Franklinton bleacher collapse injures 4

Published 8:36 am Wednesday, April 22, 2015

Franklinton Dixie Youth Baseball officials are looking into all possible options as to how to proceed after a set of concrete bleachers partially collapsed on Saturday at the 13-14-year-old field.

League President Mike Phelps said an approximately 8-foot section of the bleachers at the 13-14-year-old field gave way as part of the Opening Ceremonies.

Four people were slightly injured, according to the Franklinton Police Department. The 9 a.m. game had just begun and was postponed after the collapse.

“The Franklinton Police Department received a 9-1-1 call in reference to a medical emergency at the Dixie Youth Baseball Complex. Officers arrived and discovered where the top set of concrete bleachers had collapsed causing injuries to four people,” FPD Maj. Justin Brown said.

Brown said emergency medical personnel and the Franklinton Fire Department responded to the accident. Charles Williams, along with his wife, Sherry, and two sons were transported to Riverside Medical Center. Initial reports indicated the victims sustained moderate injuries and were released following treatment.

As of press time, Brown said the cause of the collapse was still being investigated.

“It was purely an accident, and we can’t tell the root cause for the collapse,” Phelps said. “I can tell you that as a board, we’re assessing the bleachers and any other areas. It’s hard to believe a 4-inch slab of concrete with two pieces of rebar would fall. It is certainly a horrible thing, and it could have been much worse. As a board, we’re going to have to look at to see if there was any type of structural problem.”

The league has six fields at the complex. Five teams comprise the 13-14-year-old league. There were no games scheduled in the league this week.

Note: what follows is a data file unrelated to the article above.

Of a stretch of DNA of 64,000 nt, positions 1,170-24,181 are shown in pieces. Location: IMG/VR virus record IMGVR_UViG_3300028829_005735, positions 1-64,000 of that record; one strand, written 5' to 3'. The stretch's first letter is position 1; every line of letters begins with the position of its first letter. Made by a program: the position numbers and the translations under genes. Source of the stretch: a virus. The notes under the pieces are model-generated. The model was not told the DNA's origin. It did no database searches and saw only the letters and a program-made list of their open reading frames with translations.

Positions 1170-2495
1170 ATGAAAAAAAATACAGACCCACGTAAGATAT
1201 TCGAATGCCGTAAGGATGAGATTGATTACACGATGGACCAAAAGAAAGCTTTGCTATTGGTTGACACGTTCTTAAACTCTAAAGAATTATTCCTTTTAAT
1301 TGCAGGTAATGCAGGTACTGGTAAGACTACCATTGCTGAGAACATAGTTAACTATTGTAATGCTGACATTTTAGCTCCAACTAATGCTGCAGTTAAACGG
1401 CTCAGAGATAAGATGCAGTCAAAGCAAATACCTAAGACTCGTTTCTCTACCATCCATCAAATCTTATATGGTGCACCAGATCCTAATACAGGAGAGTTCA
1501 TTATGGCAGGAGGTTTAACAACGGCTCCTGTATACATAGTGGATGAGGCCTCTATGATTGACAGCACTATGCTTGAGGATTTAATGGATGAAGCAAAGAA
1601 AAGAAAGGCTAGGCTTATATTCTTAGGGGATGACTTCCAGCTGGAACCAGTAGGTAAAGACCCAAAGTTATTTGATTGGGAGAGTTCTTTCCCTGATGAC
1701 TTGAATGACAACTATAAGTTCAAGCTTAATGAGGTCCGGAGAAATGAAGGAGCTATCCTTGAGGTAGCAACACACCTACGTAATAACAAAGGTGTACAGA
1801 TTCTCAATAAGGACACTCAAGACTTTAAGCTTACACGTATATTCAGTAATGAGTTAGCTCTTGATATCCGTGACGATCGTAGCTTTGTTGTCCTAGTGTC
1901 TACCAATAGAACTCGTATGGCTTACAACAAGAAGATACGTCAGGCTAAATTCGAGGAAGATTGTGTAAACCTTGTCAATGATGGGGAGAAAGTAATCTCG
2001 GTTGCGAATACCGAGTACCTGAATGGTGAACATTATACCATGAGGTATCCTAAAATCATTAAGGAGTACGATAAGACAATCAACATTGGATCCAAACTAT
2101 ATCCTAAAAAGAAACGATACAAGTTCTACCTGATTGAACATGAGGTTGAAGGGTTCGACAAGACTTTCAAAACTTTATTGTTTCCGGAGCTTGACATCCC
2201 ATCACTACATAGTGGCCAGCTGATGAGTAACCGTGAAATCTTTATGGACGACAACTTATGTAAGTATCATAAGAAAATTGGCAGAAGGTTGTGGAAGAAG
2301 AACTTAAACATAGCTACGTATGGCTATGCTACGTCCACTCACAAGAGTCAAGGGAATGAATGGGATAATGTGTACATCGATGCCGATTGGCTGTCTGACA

Phelps is in his first year as league president.

“This is certainly not a thing I anticipated or budgeted for,” Phelps said. “At worst, it could cost in the neighborhood of $50,000 to replace all the bleachers at all the fields. That is one of the things we’re trying to figure out. Maybe we can shore them up and sturdy them a little bit better. I would like to have stress tests for integrity. This is something that is definitely going to be assessed.”

Phelps said the league is open for suggestions. He said two contractors were scheduled to meet with league officials Tuesday and give their recommendations.

“What it all boils down to is money. We’ve got to make do with what we have, but it has to be safe,” Phelps said. “The $50,000 amount would be bad for the league, so we’re trying to figure out what the best route for the league is. My mind has been like a tornado since this happened trying to figure out what to do.”

As for the injured family, Phelps said his thoughts were with them.

“We’re truly fortunate the injuries were not more severe,” Phelps said. “Kids are always playing with their cars underneath the bleachers, but there were no kids underneath there Saturday. We’re fortunate in that it was not a lot worse.”

Phelps said the entire complex looked as good and as clean as ever for the round-robin tournament. He looked for a positive in the unfortunate events.

“It certainly was a horrible thing. We’re going to get through this and continue to improve the facilities at the park,” Phelps said.